Women in car retail are losing out disproportionately during the COVID-19 pandemic as they step back from their careers amid the pressures of home schooling and stereotypical household responsibilities.
Author, chief executive of Gaia Innovation Ltd and Automotive 30% Club founder, Julia Muir, said that car retail sector leaders have a responsibility to protect the place of female employees in their business or face the prospect of “losing out” when showrooms re-open and market growth returns.
Miur said it was “definitely the case” that women’s jobs were suffering greater detriment than their male counterparts during the current crisis, pointing to the findings of ongoing studies to back up her assertion.
“In the US there has been 156,000 jobs lost and 16,000 gained, but of the net, the 140,000 job losses were all women,” she told a CDK Global-sponsored Q&A interview with Marshall Motor Holdings chief executive Daksh Gupta at the recent AM Live Virtual event.
“You hear women say ‘my husband’s job is more important than mine’, which isn’t what an employer wants to hear.
“Employers must be working to ensure that women aren’t detrimentally affected.”
Gupta said that Marshall had been prioritising gender balance in its workforce for the past six years.
The top AM100 group now has three female members of its PLC board – almost 30% - and has seen its proportion of women in sales executive roles grow from 6% to 16%.
Gupta said that this wasn’t enough but added: “We have momentum now and we are seeing the benefits.”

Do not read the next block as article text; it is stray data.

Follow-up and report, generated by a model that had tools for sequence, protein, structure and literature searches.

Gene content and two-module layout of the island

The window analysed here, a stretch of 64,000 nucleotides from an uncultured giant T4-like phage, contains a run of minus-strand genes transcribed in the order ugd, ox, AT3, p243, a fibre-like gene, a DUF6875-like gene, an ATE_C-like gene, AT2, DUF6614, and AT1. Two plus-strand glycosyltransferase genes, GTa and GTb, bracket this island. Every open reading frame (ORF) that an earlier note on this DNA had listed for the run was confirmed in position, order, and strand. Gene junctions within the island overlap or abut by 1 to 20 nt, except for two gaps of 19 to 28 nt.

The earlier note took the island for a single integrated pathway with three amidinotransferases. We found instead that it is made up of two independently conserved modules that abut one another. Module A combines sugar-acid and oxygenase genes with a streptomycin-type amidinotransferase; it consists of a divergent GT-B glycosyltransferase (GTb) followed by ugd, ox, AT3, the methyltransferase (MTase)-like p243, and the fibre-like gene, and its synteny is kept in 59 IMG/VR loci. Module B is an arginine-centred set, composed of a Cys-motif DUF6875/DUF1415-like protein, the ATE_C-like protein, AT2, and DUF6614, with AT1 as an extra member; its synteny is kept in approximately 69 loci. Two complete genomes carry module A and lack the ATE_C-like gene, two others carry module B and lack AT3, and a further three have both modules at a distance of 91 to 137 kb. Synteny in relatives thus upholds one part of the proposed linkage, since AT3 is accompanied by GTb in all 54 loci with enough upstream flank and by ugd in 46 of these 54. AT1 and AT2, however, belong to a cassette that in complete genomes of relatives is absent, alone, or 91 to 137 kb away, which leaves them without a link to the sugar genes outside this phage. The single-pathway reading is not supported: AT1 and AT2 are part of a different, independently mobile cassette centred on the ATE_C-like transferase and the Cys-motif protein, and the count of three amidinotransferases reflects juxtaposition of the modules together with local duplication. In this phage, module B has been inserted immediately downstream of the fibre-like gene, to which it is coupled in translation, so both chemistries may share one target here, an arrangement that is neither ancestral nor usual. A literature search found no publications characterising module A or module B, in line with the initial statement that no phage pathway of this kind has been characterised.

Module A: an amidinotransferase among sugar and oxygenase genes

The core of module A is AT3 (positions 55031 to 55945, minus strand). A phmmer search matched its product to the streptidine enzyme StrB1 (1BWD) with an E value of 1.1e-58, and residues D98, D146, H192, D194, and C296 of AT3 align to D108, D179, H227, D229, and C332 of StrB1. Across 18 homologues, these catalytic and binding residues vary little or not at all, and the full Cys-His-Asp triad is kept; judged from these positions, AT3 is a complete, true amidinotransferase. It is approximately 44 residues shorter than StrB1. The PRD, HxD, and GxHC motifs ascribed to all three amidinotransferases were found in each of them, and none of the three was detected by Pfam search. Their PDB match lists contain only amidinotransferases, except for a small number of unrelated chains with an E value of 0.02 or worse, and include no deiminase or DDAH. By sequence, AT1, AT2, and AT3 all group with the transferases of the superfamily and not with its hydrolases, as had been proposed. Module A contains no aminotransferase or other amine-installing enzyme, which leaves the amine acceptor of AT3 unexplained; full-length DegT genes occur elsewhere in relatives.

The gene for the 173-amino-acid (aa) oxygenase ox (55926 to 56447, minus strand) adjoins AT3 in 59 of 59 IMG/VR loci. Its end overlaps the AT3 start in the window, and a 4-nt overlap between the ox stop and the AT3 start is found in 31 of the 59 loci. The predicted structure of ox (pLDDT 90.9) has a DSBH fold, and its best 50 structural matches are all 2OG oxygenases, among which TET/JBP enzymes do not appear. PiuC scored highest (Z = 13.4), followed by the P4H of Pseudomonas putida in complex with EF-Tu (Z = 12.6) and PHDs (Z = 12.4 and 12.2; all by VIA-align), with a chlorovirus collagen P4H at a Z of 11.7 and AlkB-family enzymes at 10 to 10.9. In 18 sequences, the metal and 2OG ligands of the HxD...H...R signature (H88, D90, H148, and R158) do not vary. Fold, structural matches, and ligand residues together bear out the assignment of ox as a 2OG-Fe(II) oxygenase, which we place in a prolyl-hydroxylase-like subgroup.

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Last month Jardine Motors and Trustford HR directors Clare Martin and Sharon Ashcroft gained special recognition as the Automotive 30% Club presented its annual ‘Inspiring Women’ automotive sector awards in a bid to recognise the sector’s established and emerging female talent.
This week Autocar launched its Great Women: Rising Stars 2021 initiative, inviting nominations from across the automotive sector ahead of a virtual awards event on February 15.
Miur said that, despite the growing profile of the need for gender balance in the automotive sector, there remains a disparity between car retail leaders that see the benefits and those who don’t.
She said: “It’s interesting to see how those leaders in the sector that had already seen it as a strategic imperative to make a more profitable business are powering ahead.
“They aren’t dramatically affecting their female employees, instead looking at flexible and agile working, they’re looking at furlough schemes.
“But I think at the other side of the coin are the leaders that, perhaps, haven’t still recognised the business case for gender balance and inclusion and are therefore not necessarily keeping their eye on the ball with it.
“They will be the ones that lose out in the end.”
Miur said that a shift in staffing priorities when the current COVID crisis eases will see pro-active employers reap the rewards of inclusion policies.
She said: “There will be a race for skills as we get back on track and growth opens up again.
“There will be a potential over-supply of skills in the marketplace might not be what are needed.
“Those businesses who set themselves up as inclusive employees will be best placed to have their pick of those people.”